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letting nature back in

nature and nurture in suburban spaces

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Favourite Garden Birds KwaZulu-Natal

Love doves (you don’t know what you’ve got ‘til it’s gone)

Doves may be relatively common, usually their colours are subtle, but they should not be taken for granted. The understated beauty of doves is something to be celebrated. Continue reading “Love doves (you don’t know what you’ve got ‘til it’s gone)”

A feisty strategist: The Fork-tailed Drongo

Fork-tailed Drongos are active visitors to our garden. In the summer months they are at their most conspicuous, issuing their jumbled call while perching in trees, sallying forth to hawk insects. Continue reading “A feisty strategist: The Fork-tailed Drongo”

Hadeda ibis: From wetlands to birdbaths

From being primarily associated with wetlands and woodlands the hadeda ibis has successfully expanded its range across much of the country even where it was formerly absent, and nowadays populations flourish even in urban areas. In suburbia it continues its association with water in the form of well-watered lawns, ponds and swimming pools. Continue reading “Hadeda ibis: From wetlands to birdbaths”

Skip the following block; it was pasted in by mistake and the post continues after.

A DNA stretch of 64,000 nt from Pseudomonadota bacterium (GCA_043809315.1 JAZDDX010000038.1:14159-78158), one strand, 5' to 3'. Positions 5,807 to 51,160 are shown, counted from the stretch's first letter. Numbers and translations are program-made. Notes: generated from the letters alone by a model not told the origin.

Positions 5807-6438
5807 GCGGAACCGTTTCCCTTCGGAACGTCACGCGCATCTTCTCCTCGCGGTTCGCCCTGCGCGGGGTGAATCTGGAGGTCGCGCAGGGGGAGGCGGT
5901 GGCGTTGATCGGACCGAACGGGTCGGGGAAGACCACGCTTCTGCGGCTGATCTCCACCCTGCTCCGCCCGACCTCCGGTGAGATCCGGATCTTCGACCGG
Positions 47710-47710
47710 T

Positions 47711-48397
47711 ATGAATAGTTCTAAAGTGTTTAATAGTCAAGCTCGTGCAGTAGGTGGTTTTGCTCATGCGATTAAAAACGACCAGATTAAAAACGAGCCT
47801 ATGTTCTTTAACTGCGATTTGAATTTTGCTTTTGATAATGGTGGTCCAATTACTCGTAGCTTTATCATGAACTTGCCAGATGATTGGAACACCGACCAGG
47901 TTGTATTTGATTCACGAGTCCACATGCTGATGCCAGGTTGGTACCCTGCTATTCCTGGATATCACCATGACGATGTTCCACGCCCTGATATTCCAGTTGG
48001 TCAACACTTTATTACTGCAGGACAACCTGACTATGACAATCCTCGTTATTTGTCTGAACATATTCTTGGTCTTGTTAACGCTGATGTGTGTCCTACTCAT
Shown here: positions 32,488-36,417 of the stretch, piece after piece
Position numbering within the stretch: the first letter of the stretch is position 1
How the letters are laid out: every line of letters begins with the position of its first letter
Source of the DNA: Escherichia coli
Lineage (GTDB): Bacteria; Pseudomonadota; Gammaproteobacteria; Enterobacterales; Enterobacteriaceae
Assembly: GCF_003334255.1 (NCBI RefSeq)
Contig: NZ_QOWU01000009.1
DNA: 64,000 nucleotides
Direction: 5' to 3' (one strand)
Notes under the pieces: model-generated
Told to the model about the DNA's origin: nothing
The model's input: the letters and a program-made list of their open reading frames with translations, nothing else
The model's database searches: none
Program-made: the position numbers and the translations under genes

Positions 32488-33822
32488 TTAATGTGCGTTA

The cackling presence of the Green Wood-Hoopoe

Although striking in appearance and obvious because they are gregarious, it is usually the loud cackling that first alert one to the presence of Green Wood-Hoopoes in the garden. Continue reading “The cackling presence of the Green Wood-Hoopoe”

The ongoing saga of the nesting Chorister Robin-chats

Chorister Robin-chats are in permanent residence in our garden, but until now we have not known where they nest. Continue reading “The ongoing saga of the nesting Chorister Robin-chats”

The forest-dwelling Lemon Dove

Because the Lemon Dove forages discreetly on the ground or in the shrubby understorey it is often overlooked. It occurs in forest habitats and also in gardens that are well wooded. Continue reading “The forest-dwelling Lemon Dove”

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